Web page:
5 Surprising Things You Don’t Know about Blue Cheese

It was an accident.

According to legend, a French shepherd was having his lunch in a cave when a beautiful girl caught his eye. Not to lose his chance, he left his lunch in the cave and went to find her. When he returned months later, he found his bread and cheese covered in mold- and then ate it. Blue cheese was born.

It’s Moldy. Why Can We Eat it?

Mold is usually an indicator that food is no longer fresh. Although we can happily eat some kinds of molds, others are formed from harmful bacteria that produce mycotoxins and aflatoxins, potentially leading to respiratory problems. The mold used to make blue cheese cannot make these toxins as the environment within the cheese. Its acidity, salinity, moisture, density, temperature and oxygen flow make it unsuitable for them to grow.

Be Cautious if allergic to Penicillin

During coagulation, fungal spores known as penicillium glaucum or penicillium roqueforti are added to the cheese to give it its blue veins. And they’re in the same family of bacteria as penicillin meaning those allergic to the antibiotic should be wary of eating these cheeses.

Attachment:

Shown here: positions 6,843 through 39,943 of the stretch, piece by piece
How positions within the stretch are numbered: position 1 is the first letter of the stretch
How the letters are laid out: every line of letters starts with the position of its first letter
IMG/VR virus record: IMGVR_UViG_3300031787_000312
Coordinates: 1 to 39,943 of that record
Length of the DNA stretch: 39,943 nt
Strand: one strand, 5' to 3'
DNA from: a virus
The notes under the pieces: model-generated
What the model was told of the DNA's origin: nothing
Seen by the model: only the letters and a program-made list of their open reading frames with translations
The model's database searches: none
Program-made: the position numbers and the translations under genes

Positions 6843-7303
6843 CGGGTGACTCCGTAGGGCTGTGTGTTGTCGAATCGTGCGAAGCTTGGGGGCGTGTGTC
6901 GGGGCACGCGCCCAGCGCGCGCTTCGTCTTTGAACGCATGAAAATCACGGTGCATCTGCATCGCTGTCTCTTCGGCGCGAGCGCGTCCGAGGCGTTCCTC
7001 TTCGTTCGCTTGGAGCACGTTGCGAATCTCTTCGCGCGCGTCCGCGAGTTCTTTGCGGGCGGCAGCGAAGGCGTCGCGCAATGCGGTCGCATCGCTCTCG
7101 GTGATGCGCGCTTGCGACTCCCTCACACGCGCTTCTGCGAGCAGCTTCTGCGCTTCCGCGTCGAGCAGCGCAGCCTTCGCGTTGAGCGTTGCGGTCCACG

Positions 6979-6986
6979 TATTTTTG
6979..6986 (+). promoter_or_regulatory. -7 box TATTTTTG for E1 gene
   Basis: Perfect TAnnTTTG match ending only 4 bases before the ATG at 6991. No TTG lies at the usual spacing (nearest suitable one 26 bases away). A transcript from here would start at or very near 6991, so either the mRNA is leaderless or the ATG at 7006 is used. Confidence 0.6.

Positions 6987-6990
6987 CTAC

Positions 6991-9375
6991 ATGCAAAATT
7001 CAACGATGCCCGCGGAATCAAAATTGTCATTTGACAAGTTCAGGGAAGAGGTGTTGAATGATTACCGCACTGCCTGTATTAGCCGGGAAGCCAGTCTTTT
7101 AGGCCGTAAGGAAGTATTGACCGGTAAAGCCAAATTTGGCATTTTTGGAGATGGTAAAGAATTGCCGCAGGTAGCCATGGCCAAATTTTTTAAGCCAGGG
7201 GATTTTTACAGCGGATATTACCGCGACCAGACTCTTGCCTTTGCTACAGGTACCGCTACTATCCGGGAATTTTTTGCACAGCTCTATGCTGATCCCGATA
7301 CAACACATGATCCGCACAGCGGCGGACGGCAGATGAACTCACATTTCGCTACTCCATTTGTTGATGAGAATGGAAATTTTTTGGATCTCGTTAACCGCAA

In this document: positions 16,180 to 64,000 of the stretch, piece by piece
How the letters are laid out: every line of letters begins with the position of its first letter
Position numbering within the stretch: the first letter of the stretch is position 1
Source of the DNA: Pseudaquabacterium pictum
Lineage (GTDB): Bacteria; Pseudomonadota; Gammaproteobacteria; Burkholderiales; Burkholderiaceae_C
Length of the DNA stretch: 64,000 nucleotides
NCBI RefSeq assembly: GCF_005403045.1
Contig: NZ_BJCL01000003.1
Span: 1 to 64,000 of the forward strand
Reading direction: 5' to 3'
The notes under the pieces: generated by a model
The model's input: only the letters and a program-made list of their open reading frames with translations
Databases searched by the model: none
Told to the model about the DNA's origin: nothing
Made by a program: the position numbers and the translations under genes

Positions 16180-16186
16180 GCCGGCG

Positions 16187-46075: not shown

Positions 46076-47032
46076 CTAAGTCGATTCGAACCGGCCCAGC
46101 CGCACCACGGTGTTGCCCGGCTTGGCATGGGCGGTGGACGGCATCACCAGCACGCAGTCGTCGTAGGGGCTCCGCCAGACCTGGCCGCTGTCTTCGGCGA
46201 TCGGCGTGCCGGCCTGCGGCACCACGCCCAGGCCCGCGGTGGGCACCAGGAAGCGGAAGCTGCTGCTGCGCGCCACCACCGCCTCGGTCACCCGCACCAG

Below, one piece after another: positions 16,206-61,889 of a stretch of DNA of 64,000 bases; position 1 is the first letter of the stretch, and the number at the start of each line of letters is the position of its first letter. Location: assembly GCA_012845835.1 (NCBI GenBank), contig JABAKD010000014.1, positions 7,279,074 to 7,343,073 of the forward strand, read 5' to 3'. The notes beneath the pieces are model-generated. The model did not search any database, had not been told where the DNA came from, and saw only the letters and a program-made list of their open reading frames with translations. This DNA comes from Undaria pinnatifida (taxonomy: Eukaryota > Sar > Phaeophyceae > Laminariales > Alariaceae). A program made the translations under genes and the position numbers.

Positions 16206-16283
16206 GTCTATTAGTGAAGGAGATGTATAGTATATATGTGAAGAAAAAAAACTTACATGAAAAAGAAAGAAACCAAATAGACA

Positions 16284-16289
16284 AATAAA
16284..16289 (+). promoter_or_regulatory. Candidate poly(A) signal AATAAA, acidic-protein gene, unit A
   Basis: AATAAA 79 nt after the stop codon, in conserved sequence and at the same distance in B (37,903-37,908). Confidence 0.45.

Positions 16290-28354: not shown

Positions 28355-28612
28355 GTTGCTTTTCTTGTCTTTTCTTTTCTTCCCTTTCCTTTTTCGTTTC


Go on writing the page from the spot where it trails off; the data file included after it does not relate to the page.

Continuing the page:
It’s saltier than seawater

In a study by the British Medical Journal, blue cheeses such as Roquefort were found to contain of 2.71g of salt per 100g- whereas seawater has 2.5g per 100g

It goes with anything

Blue cheese goes well with both sweet and savory flavours- it works in your burger, your quiche and your fruit cake. And consumption by itself with some wine is just as good– perhaps with some Cabernet Franc, Port or Riesling.

Sarah Chung

Raised in Hong Kong, now living in New York. A serial optimist, I love finding ways to improve to enjoy life even more.